Miss Manners: He slices English muffins? Fetch the smelling salts
DEAR MISS MANNERS: For the past 25 years, my loving but stubborn significant other and I have engaged in an ongoing argument over slicing, not fork-splitting, English muffins. Unfortunately, the first time I saw him slice apart a muffin, I reacted in horror, having never seen anyone do this before (especially as the package was labeled “fork split”).
He, in turn, had never heard of fork-splitting muffins. When he asked why this was done, I could only, and perhaps incorrectly, tell him that this was both traditional and that it created a round surface that allowed butter to adhere properly.
To this day, he delights in holding up sliced, buttered English muffins to demonstrate that the butter does not, in fact, slide off.
Except for this no-longer-hilarious quirk, he is a delightful person, but I would like to resolve the issue, once and for all, with a ruling from you.
GENTLE READER: The gentleman is fortunate that he has redeeming qualities to compensate for his shocking behavior. The muffin slicing doesn’t bother Miss Manners nearly as much as the endless repetition of a joke that has worn out its humor.
You would only encourage this if you argue about the practicality — for example, testing whether jam slides off because of the slicing. Besides, your kitchen floor would be a mess.
It is enough that using a fork is traditional. It doesn’t have to be utilitarian.
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DEAR MISS MANNERS: Shouldn’t manners make sense instead of being a stupid formality?
For example: When the table is set with a salad plate, why is that plate placed on the left of the main plate? Reaching over the main plate may cause your sleeve to be soiled, although it is true that left-handed people would have no difficulty.
GENTLE READER: No, manners don’t always have to make sense. A culture will become used to — and attached to — a certain way of doing things, which is enough justification for following its harmless traditions.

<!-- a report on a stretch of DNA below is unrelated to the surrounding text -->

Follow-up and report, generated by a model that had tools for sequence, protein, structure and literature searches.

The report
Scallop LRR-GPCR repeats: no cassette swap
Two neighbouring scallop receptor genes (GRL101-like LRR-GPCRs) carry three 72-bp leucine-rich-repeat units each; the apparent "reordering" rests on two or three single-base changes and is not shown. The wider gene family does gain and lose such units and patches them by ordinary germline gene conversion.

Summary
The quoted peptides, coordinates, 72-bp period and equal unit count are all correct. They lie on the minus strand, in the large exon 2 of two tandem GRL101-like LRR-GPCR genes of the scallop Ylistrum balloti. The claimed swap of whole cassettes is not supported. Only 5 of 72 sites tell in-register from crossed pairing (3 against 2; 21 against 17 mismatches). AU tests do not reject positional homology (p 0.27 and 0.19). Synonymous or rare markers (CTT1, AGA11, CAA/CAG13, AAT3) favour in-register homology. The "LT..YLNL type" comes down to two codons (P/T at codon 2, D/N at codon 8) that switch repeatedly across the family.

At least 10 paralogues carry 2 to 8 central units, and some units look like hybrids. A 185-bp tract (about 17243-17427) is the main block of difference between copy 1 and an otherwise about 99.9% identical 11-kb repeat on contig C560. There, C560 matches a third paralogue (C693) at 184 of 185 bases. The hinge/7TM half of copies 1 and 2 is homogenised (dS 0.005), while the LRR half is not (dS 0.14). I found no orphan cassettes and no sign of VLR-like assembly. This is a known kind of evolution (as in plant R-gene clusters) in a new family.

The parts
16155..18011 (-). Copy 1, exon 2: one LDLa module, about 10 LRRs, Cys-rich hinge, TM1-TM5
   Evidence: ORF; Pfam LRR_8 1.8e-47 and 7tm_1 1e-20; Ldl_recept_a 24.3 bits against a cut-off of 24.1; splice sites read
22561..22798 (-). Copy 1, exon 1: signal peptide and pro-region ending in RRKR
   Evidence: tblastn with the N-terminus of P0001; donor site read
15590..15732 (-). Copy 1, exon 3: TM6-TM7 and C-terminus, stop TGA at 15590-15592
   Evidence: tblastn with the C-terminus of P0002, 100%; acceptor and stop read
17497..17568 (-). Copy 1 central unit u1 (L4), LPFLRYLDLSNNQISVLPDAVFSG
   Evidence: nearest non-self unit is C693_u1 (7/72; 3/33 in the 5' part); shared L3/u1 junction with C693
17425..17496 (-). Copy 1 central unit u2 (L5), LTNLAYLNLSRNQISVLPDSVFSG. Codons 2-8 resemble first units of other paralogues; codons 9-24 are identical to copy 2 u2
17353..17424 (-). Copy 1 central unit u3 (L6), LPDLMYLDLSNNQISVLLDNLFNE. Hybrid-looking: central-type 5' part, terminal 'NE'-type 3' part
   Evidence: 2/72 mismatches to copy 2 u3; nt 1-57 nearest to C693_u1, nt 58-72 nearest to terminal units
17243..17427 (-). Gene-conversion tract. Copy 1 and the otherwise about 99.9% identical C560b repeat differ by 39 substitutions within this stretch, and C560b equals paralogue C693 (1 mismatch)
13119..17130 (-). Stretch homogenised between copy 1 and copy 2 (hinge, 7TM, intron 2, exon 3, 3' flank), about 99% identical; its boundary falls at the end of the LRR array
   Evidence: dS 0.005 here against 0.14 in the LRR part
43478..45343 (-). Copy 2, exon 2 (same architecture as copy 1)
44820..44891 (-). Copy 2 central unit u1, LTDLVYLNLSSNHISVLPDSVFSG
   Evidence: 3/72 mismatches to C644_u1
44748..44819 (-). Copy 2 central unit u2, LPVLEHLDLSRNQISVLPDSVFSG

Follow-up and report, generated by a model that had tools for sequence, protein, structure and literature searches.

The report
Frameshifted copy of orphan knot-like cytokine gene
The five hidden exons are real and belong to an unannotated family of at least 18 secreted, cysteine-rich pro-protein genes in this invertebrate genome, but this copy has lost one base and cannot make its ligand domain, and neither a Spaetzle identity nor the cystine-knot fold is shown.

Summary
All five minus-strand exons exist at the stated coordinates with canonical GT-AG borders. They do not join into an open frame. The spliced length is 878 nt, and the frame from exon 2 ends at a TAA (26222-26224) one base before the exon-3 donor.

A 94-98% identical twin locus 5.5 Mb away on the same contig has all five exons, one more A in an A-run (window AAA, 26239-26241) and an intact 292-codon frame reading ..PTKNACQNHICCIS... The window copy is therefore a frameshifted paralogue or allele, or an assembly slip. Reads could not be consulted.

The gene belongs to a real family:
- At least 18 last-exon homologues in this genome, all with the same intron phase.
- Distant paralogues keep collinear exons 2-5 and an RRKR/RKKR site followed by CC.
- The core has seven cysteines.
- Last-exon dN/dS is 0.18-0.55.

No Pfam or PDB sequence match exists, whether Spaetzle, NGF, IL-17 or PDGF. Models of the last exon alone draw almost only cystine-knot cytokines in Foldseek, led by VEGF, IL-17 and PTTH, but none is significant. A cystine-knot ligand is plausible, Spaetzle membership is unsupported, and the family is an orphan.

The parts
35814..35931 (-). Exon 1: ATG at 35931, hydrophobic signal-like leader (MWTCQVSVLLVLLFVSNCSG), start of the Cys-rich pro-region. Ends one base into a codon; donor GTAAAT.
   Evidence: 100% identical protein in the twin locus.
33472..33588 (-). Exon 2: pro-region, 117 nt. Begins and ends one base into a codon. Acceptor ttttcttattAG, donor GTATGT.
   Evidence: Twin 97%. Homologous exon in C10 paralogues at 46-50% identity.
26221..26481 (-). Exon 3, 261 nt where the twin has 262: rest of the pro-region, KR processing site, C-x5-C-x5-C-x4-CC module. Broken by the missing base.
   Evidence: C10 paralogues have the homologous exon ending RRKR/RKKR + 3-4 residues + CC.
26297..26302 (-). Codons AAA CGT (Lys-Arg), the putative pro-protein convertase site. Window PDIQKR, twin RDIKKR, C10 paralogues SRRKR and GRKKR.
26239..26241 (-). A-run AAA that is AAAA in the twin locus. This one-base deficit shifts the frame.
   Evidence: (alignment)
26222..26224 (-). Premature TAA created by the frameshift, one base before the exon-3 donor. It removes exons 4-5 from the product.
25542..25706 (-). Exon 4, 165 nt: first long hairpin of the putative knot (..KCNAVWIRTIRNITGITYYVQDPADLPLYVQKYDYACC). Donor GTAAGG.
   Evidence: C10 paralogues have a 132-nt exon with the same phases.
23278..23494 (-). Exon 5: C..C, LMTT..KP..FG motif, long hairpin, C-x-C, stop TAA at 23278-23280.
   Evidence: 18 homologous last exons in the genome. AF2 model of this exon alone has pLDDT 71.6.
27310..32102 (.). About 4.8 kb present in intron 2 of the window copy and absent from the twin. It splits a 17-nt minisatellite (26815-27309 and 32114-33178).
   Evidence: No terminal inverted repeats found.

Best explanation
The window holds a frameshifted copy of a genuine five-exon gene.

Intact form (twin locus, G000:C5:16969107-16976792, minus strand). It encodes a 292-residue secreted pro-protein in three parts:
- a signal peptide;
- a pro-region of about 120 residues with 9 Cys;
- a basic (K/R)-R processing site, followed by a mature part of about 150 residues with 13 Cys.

But in this case, Miss Manners can supply a reason. Your water and other glasses are on your right. If your salad plate were there, too, you would probably knock them over. And surely left-handed people, who manage to cross their plates without dipping their sleeves in their food, deserve an occasional break.
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DEAR MISS MANNERS: Often, when my husband and I are at a restaurant, I can’t finish my meal and I request to have it boxed up.
We were at a rather nice private club one evening, and I mentioned to him I’d like to take home half my meal, which was untouched. He told me that that was not at all appropriate, so I didn’t. What are your thoughts?
GENTLE READER: Doggie bags are not quite as despised by Miss Manners as you may think, as the concept dates back to Roman times. (Not that that is a rule that should be generally applied.)
Yet she is appalled by guests at dinner parties who seek to take home their hosts’ leftovers. A private club is considered to be the same as the home of its members. So if you are a member, go ahead. If you are the guest of a member, do not.
Please send your questions to Miss Manners at her website, www.missmanners.com; to her email, firstname.lastname@example.org; or through postal mail to Miss Manners, Andrews McMeel Syndication, 1130 Walnut St., Kansas City, MO 64106.